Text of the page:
TUM Department of Mechanical Engineering
Low-cost and non-toxic iron oxide nanoparticles can be used for the magnetic purification of peptides and proteins. Even bare iron oxide nanoparticles can be handled easily in molecular recognition and thus purification of peptide sequences in complex suspensions such as cell lysates. In complex liquors such as bodily fluids or cytosol, a protein corona forms around the nanoparticles which defines their new surface “identity”. This complexity of different interactions at the nanoparticle water interface, which is based on molecules and ions, challenges the characterization of nanoparticles and thus their use for multiple applications.
We are able to use the particle identity for protein purifications by using designed peptide tags fused to proteins. The transfer of peptide binding and release at a protein corona forming in cell lysates to the use of a corona in the cytosol of microbial organisms is our main goal. Iron oxide nanoparticles are able to penetrate the cell wall of microorganisms and the stress leads to a pH shift within the cells. This pH shift can be used to release cationic antimicrobial peptides in the cytosol and lead to cell death. Our project combines two different worlds: drug delivery and downstream processing. We essentially strive to learn from each other and make use of our respective expertise in each other’s field of application.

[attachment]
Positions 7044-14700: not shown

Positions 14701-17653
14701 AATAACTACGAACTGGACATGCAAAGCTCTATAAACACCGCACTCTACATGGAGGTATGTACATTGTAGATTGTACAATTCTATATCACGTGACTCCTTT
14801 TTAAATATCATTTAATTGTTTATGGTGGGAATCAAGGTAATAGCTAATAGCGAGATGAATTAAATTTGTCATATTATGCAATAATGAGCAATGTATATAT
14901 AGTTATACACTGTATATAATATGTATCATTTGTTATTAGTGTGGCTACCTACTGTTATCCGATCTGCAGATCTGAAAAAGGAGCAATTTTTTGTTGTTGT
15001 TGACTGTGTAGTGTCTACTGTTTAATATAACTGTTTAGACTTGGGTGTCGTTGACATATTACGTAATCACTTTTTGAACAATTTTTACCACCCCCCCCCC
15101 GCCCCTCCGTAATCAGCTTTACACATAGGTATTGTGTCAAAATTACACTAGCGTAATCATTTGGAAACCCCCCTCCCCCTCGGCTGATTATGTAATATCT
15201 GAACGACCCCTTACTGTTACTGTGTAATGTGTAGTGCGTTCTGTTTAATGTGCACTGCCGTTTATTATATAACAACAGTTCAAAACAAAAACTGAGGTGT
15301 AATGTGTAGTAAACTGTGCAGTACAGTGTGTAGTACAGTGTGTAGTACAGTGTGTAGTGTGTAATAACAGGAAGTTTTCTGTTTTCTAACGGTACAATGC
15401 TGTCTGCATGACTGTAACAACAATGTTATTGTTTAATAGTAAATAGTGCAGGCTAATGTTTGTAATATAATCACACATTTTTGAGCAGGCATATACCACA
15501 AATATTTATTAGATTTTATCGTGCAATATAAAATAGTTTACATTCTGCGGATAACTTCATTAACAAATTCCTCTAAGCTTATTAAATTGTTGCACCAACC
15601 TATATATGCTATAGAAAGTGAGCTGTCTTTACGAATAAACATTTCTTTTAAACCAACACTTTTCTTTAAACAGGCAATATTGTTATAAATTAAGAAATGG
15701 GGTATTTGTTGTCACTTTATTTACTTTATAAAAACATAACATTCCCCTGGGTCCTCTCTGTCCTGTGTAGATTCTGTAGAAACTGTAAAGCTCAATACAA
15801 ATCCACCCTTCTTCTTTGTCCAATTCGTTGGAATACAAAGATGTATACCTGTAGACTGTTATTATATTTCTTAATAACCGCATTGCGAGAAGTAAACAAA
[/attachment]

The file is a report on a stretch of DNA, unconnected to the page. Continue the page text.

We work together to achieve two goals: To find new and efficient drug delivery systems for existing antimicrobial peptide-based drugs and to improve the capture and release of peptide-based tags for protein purification.
C. Turrina, S. Berensmeier and S. P. Schwaminger (2021). Bare Iron Oxide Nanoparticles as Drug Delivery Carrier for the Short Cationic Peptide Lasioglossin. Pharmaceuticals 2021, 14(5), 405; (Open Access: https://www.mdpi.com/1424-8247/14/5/405).